top of page
AWS Blog Background

Decoding the AWS Graviton Migration Puzzle: Your Workload Guide

Discover how AWS Graviton, a revolutionary processor architecture, is transforming cloud computing with improved performance and cost efficiencies. Learn how 1CloudHub, an AWS Advanced Consulting Partner, leverages Graviton to unlock unparalleled value for businesses.



Introduction

Transitioning to a new technological infrastructure often presents unique challenges, and AWS Graviton is no exception. As businesses consider migrating to Graviton's advanced processor architecture, understanding the effort involved in terms of different workloads is critical. This blog post will guide you through the distinct difficulty levels of implementing AWS Graviton based on various workloads and provide insights into the workloads best suited for this transformation.

Assessing the Implementation Effort

The difficulty of transitioning to AWS Graviton primarily depends on the nature of the workload and the current state of your software stack. In general, newer versions of software facilitate smoother transitions. Here's a breakdown of implementation efforts by workload: No Sweat: Implementing AWS Graviton for AWS Managed services such as RDS, Aurora, ElastiCache, OpenSearch, MemoryDB, and Neptune is straightforward. Simply upgrade to the latest version, and you're all set.

Easy-Peasy: Workloads such as EMR generally adapt to AWS Graviton seamlessly, requiring no major modifications.

Just a Bit of Effort: For AWS Lambda, the transition is smooth with a slight catch. It's crucial to examine Java Native Interface (JNI), Shared Objects, or Native modules as they might need tweaks for the new architecture.

A Touch More Work: Linux – Interpreted and JIT'd languages (e.g., Java, PHP, Node.js) require a bit more effort. The primary step is to select an Arm64 AMI and install it. Be sure to check for JNI, Shared Objects, or Native modules.

Requires Some Attention: Linux – Compiled languages (e.g., C/C++, Python, Go) require more attention. Select an Arm64 AMI, compile it, and then port any intrinsics, assembly, or native modules.

A Bit of a Project, but Worth it: For Microsoft Windows – .NET, the journey involves migrating to Linux + .NET core on Arm64. Though it demands more effort, the rewarding performance gains and cost savings make it worth the endeavor.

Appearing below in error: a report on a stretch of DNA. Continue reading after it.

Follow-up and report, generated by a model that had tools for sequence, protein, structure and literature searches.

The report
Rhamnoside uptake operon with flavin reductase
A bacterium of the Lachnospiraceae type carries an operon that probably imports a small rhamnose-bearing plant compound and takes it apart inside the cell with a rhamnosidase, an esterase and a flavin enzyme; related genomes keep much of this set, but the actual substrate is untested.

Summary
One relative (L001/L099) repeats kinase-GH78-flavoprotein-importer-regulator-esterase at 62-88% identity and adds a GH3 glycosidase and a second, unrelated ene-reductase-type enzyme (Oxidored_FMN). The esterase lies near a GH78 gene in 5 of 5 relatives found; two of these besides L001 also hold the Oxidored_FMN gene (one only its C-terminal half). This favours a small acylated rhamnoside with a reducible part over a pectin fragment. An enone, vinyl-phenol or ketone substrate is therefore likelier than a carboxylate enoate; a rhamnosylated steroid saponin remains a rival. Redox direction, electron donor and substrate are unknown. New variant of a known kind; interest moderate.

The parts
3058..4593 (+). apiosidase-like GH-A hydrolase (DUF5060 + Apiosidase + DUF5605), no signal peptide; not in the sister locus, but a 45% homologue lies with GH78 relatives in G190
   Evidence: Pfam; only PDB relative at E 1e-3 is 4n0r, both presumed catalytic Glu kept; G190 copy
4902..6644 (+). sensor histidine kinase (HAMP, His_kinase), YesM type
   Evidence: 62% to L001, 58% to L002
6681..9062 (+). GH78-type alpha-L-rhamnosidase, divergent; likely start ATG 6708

Identifying the Right Workloads: AWS Graviton can deliver considerable benefits to various workloads. However, certain types are particularly adept for this processor architecture: AWS Managed Services: Amazon Aurora, RDS, Elasticache, EKS, EMR, ECS, and OpenSearch can witness substantial performance enhancements with AWS Graviton.

Self-managed Workloads on EC2: Web and gaming servers, analytics, open-source databases, microservices/containers, and high-performance services (HPS) can all reap significant benefits from AWS Graviton.

Characteristics of Suitable Workloads: Workloads that are open-source, Linux-based, running newer versions of software, written in higher-level programming languages, or in compiled languages can extract maximum value from AWS Graviton.

Conclusion

Comprehending the level of effort involved in implementing AWS Graviton based on different workloads is essential for a smooth transition. While each journey presents unique challenges, the impressive performance improvements and cost savings that AWS Graviton offers make it a worthwhile endeavor. By accurately evaluating your workloads, you can make an informed decision and unlock the full potential of AWS Graviton for your cloud infrastructure. If you need assistance in this transformative journey, consider partnering with a skilled AWS consulting partner like 1CloudHub, which can guide you through the process seamlessly.


13 views0 comments

Recent Posts

See All

10 Effective Strategies for AWS Cloud Cost Optimization

Managing cloud costs is becoming more important as more businesses migrate their applications and services to infrastructure as a service (IaaS), platform as a service (PaaS), and software as a servic

Comments


bottom of page